Actors from Ireland’s Curlew Theatre Company to perform J. M. Synge adaptation on April 10

Aran PosterTegolin Knowland and Sean Coyne of the Curlew Theatre, Tullycross, Ireland will perform Eamon Grennan’s adaptation of John Millinton Synge’s The Aran Islands: A Dramatic Recital for Two Voices on Friday, April 10, 2015 at 7 p.m. in the Geneseo Riviera theater. The event, which is free and open to the pubic, is sponsored by the departments of English and History at SUNY Geneseo.

Between May 1898 and October 1901, John Millington Synge, a Dubliner, spent just under four months (accumulated over four separate visits) on Inishmaan, the middle island of the three Aran Islands lying off the West Coast of Ireland. From the diary and notebooks he kept while there, he composed his travel book, The Aran Islands. Eamon Grennan (well known Irish poet) has taken a number of fairly representative moments from The Aran Islands and turned them into a kind of collage to represent as much as possible what the book is like and something of its flavor. It is partly a romantic lyrical evocation of this wild place, partly a series of anecdotes, partly an almost anthropological study of the people’s lives, their habits, their folk-tales and so on. First performed at the Clifden Arts Festival in Western Ireland, this dramatic recital offers American audiences a rare opportunity to experience the fine work of Ireland’s Curlew Theatre Company.

Geneseo Sigma Tau Delta students take top honors at annual conference

Seventeen members of Geneseo’s chapter of Sigma Tau Delta, the international English honor society, attended this year’s conference in Albuquerque, New Mexico, accompanied by Prof. Caroline Woidat and adviser Prof. Gillian Paku. They were Amy Bishop, Liam Cody, Jennie Conway, Sean Fischer, Meghan Kearns, Erin Koehler, Lucia Lotempio, Ellie MacWilliam, Rebecca Miller, Christina Mortellaro, Michelle Mundt, Sean Neill, John Panus, Katie Silvestri, Ben Wach, Katie Waring, and Jo-Ann Wong.

std15-3For many of the students who attended this year’s convention, titled “Borderlands and Enchantments,” it was their first time participating in a conference where they were allowed to interact with critical and creative writing from college students around the world. The experience allowed students “to gain valuable connections throughout the conference, [and become involved in] discussion with other panelists, who brought new ideas and theories to our conversations,” said Senior Ellie MacWilliam. Students attended a variety of panels and roundtables on topics such as post-colonial literatures, Modernism, Transgender and Bisexuality in Young Adult Literature, critical theory in film and television, and XML text encoding in music and literature. std15-5For junior Michelle Mundt, being involved in panels surrounded by her college peers gave her the opportunity to learn “a lot on how to present a paper and question my motives in writing. I also enjoyed being able to listen to other students’ presentations and gleaning from their knowledge on different subjects.” Attendees also listened to presentations from acclaimed authors such as Simon Ortiz and Leslie Marmon Silko. Senior Rebecca Miller found Silko’s reading “the most memorable part about the conference. . . . The conference was educational and expansive, and overall a great way to spend spring break.”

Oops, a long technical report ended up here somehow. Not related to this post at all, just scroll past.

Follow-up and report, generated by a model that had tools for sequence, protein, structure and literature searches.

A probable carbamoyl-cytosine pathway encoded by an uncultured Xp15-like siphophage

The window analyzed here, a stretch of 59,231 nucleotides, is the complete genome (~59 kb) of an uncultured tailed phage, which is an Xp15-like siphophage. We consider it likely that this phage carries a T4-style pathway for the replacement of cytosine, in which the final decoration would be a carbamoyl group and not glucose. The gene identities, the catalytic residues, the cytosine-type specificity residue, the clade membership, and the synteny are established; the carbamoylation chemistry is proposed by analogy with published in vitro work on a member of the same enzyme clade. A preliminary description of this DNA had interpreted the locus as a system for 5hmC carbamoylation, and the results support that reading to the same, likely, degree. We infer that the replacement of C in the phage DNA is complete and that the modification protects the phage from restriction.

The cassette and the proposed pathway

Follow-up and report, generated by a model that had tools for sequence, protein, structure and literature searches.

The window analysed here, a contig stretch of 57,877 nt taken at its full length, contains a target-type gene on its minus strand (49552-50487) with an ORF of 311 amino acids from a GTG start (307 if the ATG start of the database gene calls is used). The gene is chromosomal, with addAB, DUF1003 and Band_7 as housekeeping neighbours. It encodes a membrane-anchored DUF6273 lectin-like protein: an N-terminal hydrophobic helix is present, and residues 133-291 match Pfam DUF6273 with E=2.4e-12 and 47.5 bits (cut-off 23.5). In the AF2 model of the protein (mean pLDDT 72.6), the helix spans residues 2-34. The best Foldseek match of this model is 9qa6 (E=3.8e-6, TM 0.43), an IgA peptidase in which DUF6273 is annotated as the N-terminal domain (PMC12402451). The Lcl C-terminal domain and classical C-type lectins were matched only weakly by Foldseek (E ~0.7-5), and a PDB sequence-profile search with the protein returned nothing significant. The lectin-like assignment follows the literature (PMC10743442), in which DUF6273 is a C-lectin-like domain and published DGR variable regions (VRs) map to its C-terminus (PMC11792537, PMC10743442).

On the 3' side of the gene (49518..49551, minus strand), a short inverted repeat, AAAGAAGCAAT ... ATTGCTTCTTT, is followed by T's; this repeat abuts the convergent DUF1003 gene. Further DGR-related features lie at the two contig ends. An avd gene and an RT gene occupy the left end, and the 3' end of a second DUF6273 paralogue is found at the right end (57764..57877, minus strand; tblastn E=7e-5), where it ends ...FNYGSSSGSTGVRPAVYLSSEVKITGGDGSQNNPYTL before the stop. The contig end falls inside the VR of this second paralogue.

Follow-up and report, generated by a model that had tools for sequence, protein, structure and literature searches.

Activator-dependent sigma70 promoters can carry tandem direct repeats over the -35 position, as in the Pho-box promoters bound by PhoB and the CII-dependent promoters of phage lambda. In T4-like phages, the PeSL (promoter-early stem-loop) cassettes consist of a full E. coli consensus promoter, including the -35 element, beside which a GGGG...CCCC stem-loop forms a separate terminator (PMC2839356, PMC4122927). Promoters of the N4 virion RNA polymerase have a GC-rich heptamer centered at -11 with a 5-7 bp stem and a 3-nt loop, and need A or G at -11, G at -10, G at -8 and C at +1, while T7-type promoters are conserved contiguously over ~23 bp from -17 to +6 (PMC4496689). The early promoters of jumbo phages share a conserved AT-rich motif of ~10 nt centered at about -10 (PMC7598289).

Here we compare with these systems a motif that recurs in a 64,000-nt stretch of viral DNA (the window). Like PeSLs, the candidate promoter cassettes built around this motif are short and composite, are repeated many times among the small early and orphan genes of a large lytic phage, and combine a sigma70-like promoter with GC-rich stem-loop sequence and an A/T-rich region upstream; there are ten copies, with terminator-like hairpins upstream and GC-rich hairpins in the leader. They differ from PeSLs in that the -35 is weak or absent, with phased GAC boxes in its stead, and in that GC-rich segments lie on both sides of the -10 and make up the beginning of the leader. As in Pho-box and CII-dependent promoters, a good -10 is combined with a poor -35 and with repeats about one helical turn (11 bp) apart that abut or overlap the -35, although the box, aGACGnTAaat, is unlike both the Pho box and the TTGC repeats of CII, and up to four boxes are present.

std15-6The Geneseo students were awarded two first place honors, along with the Best Convention Paper. Senior Ben Wach won the Critical Essays in Theory category and Katie Waring won the Creative Non-Fiction category, with Katie’s essay, “Transdifferentiating Cells,” ultimately named top piece at the convention. Throughout the conference, the students supported each other at the panel presentations. Senior Lucia LoTempio said, “It was definitely enlightening to make new connections with my peers and to experience the fruits of their work at Geneseo. I was consistently (though not unexpectedly) impressed with the insightfulness and intellectual difficulty of each Geneseo student’s work, whether it was critical or creative. It made me especially proud to call myself a member of the Geneseo community!” Students in the Creative Writing and Literature tracks were able to come together: “It was an honor to be able to have presented both a critical paper and a collection of poetry at the conference an experience that I was extremely lucky to have had,” said Senior Erin Koehler.

The Geneseo English attendees at this year’s convention unanimously agreed on the value of taking advantage of the opportunity that Sigma Tau Delta offers students. This convention allows students to expand their knowledge of other work happening in both critical and creative fields across the world. As Senior Sean Fischer noted, “Hopefully more students can see how successful the group that attended this year’s conference was and begin working on their own research projects or creative writing collections to submit for next year’s conference!”

See more photos from the conference.

Connor Valvo presents at literacy conference